14. Lastly it was contended for the appellant that the High Court should have asked the Chief Minister to file an affidavit and rejected the affidavit filed by the Deputy Secretary Mr. Sen Gupta as insufficient to controvert the allegations of the appellant. We do not think there is any substance in this point. There is no allegation made by the appellant that the Chief Minister himself was acting mala fide. The allegation of the appellant was that Mr. Kalyan Dutt and the Customs Officers had acted mala fide against the appellant. The allegation of the appellant on this point has been denied by Mr. Kalyan Dutt in his affidavit. As there is no allegation of mala fides or lack of bona fides with regard to the Chief Minister of West Bengal who is the authority for deciding as to the necessity for detention of the appellant it was not necessary for the High Court to call for an affidavit from the Chief Minister and the affidavit filed by Mr. Sen Gupta on behalf of the Government of West Bengal was rightly considered by the High Court as sufficient in the circumstances of the case.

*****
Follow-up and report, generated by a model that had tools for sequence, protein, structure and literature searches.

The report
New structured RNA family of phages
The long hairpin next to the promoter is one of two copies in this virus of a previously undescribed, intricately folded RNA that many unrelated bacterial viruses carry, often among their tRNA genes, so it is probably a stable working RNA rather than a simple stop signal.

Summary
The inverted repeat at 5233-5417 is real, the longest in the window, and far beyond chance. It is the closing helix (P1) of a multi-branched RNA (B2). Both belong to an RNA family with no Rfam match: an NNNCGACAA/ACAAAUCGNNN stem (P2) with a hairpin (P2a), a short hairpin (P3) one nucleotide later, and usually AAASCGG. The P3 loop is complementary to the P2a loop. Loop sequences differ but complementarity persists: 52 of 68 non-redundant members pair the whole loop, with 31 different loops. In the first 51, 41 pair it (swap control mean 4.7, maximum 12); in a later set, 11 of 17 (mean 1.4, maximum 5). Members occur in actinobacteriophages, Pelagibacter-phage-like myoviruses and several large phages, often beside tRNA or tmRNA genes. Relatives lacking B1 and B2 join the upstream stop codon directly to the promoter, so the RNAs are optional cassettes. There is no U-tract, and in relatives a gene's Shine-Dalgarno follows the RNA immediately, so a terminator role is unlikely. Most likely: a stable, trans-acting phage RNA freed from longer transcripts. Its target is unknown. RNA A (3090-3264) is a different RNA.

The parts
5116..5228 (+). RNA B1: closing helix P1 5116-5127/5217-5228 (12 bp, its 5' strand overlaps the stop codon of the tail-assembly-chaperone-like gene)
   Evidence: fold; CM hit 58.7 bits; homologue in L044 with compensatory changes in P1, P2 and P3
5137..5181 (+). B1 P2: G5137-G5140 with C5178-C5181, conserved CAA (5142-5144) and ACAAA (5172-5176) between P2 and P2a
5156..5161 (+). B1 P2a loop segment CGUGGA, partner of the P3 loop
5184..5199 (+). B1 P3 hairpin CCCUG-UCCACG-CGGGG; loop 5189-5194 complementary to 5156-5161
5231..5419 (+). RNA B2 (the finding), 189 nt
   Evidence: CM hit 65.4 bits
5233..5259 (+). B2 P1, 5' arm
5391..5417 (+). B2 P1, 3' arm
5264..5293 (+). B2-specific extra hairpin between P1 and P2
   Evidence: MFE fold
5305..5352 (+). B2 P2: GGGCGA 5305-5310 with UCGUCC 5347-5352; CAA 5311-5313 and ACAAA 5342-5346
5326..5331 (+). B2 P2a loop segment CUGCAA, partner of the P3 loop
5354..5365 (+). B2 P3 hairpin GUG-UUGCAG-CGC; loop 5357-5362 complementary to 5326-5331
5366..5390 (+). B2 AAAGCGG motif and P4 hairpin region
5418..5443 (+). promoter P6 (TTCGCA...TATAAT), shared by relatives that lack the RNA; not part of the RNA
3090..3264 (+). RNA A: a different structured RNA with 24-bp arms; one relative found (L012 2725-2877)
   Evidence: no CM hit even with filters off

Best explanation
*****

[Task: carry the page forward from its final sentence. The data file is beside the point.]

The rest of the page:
15. For these reasons we hold that there is no merit in this appeal and that it should be dismissed.
16. Appeal dismissed.